Why grit is the key to success (& not luck or talent)
In Grit: The Power of Passion and Perseverance, psychologist Angela Lee Duckworth shows that the secret to success is not talent but rather “a special blend of passion and persistence she calls grit”. In South Africa, we would call this “vasbyt”. And while I do think talent has something to do with success, in the end, the ability to push through is what will get you to where you want to be.
As Richard Branson says, it takes years to become an overnight success. Social media is only a highlights reel and when you start hearing about someone, they’ve probably been going for longer than you think. Look at how old these tech companies are turning this year to see how long they’ve been going for.
“…there are no shortcuts to excellence. Developing real expertise, figuring out really hard problems, it all takes time―longer than most people imagine….you’ve got to apply those skills and produce goods or services that are valuable to people.”
In order to make your life exceptional, the author says that you need to have an interest in what you do, you need to practice, have a sense of purpose and hope for the future. Here are some pointers that are simple enough to start implementing today:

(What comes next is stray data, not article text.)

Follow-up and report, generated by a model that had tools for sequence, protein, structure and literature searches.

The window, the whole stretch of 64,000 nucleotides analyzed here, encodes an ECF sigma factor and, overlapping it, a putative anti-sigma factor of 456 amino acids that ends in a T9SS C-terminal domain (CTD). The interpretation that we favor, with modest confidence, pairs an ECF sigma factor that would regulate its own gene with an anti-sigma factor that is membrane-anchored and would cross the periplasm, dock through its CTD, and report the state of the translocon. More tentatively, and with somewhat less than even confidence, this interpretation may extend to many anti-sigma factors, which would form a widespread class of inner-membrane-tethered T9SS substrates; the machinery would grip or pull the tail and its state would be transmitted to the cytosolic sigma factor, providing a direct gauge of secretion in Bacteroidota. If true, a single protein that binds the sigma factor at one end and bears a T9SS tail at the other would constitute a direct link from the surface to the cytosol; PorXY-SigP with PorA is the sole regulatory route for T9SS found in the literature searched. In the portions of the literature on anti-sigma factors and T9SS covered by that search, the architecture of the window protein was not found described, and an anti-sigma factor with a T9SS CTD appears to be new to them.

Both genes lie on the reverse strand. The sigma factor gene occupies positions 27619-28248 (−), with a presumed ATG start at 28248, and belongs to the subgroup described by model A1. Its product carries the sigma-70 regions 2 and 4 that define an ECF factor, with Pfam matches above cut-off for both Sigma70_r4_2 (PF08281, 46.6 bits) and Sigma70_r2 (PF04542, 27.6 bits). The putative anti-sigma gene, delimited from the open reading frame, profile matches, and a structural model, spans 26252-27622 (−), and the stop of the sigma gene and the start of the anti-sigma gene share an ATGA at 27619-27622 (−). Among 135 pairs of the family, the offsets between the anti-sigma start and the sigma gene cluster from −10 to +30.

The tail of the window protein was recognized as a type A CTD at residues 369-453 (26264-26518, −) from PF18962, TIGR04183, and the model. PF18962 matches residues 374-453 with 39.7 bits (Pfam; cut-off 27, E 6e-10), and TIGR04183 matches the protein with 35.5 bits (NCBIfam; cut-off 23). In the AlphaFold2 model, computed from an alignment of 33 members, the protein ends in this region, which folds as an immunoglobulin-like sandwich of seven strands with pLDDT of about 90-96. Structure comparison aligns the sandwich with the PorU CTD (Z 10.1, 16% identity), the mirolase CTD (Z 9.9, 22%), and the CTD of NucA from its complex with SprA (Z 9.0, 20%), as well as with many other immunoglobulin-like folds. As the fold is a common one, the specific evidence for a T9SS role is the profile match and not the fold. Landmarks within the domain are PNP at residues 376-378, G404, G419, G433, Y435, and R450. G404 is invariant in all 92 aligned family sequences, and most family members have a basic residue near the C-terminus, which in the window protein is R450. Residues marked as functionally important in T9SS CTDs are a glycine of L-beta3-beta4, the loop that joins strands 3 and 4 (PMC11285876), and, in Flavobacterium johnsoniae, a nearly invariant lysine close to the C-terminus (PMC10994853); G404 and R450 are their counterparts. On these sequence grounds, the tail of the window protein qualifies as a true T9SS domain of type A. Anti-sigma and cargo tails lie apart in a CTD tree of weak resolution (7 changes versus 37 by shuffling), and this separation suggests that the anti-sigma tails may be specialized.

Start with easy, baby steps goals that form part of your long-term goals
While it’s important to do what you love, it’s even more important to stay committed to doing what you love
Practice does make perfect but practice intelligently so that you don’t get stuck on autopilot
You will be faced with challenges, and grit will get you through those hard times
While the idea of hard work as the key to success is nothing new, what makes Duckworth’s Grit an interesting read is the case studies. According to Seth Godin, “There is no shortage of remarkable ideas, what’s missing is the will to execute them”. And by reading Grit, you’ll figure this out pretty quickly as well as how to execute your ideas.
To get a taste of Grit, watch Angela Duckworth’s TedTalk below.
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